Philosateleian Post commemorating first moon landing
In July 1969, Neil Armstrong and Buzz Aldrin became the first two men to set foot on the moon. In 2019, Philosateleian Post will celebrate the 50th anniversary of that historic event by issuing a commemorative local post stamp.
The new stamp from my San Antonio-based private local post reproduces a portion of Aldrin’s photograph of his bootprint, and is scheduled to be issued on January 28, 2019.
It may seem like I’m jumping the gun just a bit by issuing this stamp in January, but members of the Local Post Collectors Society of which I’m a part voted earlier this year to select the 50th anniversary of the first moon landing as the subject for World Local Post Day 2019, and World Local Post Day is always held in January, so there you have it.
Format: sheets of 48 (6×8). Design size: 28×28 mm. Separation method: perforated 12. Adhesive: water-activated dry gum. Printing method: inkjet.
To receive a mint single of Philosateleian Post’s First Moon Landing stamp, or for first day cover service, send either $2 or a self-addressed stamped envelope and your request to:
PO Box 17544
San Antonio TX 78217-0544
United States of America
It has been quite a long time since I ran across a new website offering free stamp album pages, but a poster on the Stamp Bears forum today mentioned one I had never seen before: GB Stamp Albums. The site, which is operated by Gerard McGouran, offers free downloadable pages for Great Britian including regional issues for Wales, Scotland, and Northern Ireland, and so forth.
I don’t really collect British stamps except for those that fit into my landscapes collection, but at least at first glance, these appear to be complete through 2017. I’m pleased to see another collector offering free stamp album pages just like I do with the The Philosateleian, and if you collect British stamps and are looking for a source for free album pages, you may want to give GB Stamp Albums a look. Hopefully Gerard will continue preparing album pages for 2018 and beyond!
As a local post stamp producer, I always enjoy seeing what other local posters have created, and Purgatory Post’s latest stamp issues are a real treat! The 2- and 5-sola stamps issued earlier this month commemorate the 100th anniversary of the end of World War I, and are appropriately inscribed “Peace.”
Purgatory Post’s operator, Scott Abbot, based the designs of his stamps on a pair of United States stamp essays originally prepared with the idea of commemorating 100 years of peace between the U.S. and Great Britain. Those stamps were shelved due to the outbreak of World War I, of course, and the 1919 Peace stamp used a completely different design. It’s nice to see these designs actually being put to use.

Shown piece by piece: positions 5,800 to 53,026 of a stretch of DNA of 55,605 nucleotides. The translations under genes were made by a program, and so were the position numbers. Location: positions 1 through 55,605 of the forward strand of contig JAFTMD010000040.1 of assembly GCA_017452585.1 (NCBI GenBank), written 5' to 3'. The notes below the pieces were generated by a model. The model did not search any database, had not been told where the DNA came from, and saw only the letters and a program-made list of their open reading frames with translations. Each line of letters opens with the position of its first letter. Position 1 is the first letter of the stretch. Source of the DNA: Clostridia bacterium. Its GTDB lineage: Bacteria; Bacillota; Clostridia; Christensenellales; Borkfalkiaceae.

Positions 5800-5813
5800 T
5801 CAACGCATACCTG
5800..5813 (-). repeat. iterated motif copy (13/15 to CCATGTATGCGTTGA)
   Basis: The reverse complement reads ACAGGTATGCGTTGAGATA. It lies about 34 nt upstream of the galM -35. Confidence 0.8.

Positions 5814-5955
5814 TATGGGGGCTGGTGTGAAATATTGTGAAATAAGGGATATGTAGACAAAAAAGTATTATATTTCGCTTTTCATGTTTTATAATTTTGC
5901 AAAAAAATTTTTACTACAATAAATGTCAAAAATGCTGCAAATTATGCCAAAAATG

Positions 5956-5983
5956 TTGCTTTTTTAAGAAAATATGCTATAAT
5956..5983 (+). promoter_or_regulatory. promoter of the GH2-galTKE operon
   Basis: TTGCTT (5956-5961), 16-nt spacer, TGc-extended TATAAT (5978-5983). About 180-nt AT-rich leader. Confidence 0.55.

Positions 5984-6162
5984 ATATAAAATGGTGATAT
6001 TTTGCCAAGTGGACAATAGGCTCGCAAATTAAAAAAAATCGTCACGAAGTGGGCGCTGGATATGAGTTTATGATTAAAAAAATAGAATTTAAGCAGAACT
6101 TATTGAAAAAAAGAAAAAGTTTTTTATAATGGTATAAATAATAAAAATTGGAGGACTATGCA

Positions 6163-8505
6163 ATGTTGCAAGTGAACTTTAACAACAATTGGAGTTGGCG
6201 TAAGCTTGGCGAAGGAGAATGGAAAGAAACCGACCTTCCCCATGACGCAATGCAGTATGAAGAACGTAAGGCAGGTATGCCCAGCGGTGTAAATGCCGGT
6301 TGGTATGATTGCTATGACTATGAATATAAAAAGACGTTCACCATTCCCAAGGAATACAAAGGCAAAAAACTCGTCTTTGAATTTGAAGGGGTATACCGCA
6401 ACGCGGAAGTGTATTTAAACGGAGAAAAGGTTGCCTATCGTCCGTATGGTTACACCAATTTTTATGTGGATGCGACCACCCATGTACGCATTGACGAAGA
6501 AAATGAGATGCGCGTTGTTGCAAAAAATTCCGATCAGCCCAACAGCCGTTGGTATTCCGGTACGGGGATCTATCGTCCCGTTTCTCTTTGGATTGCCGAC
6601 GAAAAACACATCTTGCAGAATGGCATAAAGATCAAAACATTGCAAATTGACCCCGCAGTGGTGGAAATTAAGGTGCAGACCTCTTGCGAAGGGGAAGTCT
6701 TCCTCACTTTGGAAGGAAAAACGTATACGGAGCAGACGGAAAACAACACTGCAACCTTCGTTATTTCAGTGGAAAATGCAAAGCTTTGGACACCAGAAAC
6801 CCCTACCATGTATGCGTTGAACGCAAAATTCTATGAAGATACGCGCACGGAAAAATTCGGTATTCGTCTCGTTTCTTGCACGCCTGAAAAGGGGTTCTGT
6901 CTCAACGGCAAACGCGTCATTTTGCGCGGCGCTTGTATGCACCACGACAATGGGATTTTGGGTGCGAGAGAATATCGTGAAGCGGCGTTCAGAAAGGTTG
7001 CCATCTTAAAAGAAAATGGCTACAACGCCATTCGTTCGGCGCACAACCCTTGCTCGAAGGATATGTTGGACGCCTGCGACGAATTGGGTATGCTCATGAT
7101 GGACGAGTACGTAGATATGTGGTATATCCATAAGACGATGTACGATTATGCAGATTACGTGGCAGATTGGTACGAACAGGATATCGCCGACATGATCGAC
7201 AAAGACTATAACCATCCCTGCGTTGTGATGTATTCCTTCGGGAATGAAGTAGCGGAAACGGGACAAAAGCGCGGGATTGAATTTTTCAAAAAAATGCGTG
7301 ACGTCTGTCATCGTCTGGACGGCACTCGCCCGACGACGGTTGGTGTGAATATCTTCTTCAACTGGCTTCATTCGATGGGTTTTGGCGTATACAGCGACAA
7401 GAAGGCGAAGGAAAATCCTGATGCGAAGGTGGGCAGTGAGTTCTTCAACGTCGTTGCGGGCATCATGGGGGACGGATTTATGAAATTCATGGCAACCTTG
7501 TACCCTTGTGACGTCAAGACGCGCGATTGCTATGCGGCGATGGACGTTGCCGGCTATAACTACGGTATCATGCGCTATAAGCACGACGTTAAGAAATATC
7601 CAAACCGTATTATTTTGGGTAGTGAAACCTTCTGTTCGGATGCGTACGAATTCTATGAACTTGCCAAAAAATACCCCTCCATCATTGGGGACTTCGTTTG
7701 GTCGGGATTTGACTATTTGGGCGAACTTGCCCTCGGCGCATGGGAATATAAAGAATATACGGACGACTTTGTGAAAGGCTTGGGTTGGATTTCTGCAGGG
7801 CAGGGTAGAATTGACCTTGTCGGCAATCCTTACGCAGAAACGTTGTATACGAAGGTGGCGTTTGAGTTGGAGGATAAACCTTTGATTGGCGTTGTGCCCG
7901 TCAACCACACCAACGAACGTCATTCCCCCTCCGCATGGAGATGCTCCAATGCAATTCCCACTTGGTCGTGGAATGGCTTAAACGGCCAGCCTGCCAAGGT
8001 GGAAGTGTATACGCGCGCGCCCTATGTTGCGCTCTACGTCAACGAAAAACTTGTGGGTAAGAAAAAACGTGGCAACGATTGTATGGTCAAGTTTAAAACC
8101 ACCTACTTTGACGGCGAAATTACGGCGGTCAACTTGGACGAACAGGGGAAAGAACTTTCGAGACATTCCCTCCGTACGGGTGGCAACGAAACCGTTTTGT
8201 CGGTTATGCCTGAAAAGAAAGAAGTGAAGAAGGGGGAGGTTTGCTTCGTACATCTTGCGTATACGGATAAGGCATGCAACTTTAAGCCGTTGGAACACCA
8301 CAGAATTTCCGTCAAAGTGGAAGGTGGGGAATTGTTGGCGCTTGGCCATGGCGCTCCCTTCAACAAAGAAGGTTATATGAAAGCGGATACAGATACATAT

The centennial of the end of World War I was the subject of World Local Post Day back in January of this year, but Scott opted to delay issuing stamps marking that anniversary until this month since the armistice ending the war was signed in November 1918.
Bicolored reproductions reimagine 1934 National Parks stamps
It has been a long time since I did any stamp production beyond printing and perforating additional copies of Philosateleian Post’s Contemporary Art stamp issued earlier this year. Last week, however, I finally got around to working on something that had been on my want-to-do list for a long, long time: bicolored reproductions of the 1934 National Parks Year stamps.
I scanned a mint set of stamps that I picked up from the local stamp dealer, then modified each of the designs to remove any references to U.S. postage or face values; these are not real stamps, and I don’t want to give the false impression that they are! After that, I turned the frame of each stamp black, and modified the color of the vignettes for the Acadia and Great Smoky Mountains stamps since the originals were printed in black.
Beginning in the 1930s, United States stamps tended to minimize frames in favor of a larger vignette, so bicolored variations are arguably less impressive than they might otherwise have been. Nevertheless, I had fun doing these, and it got me back into some stamp production work, so I think it was a worthwhile project.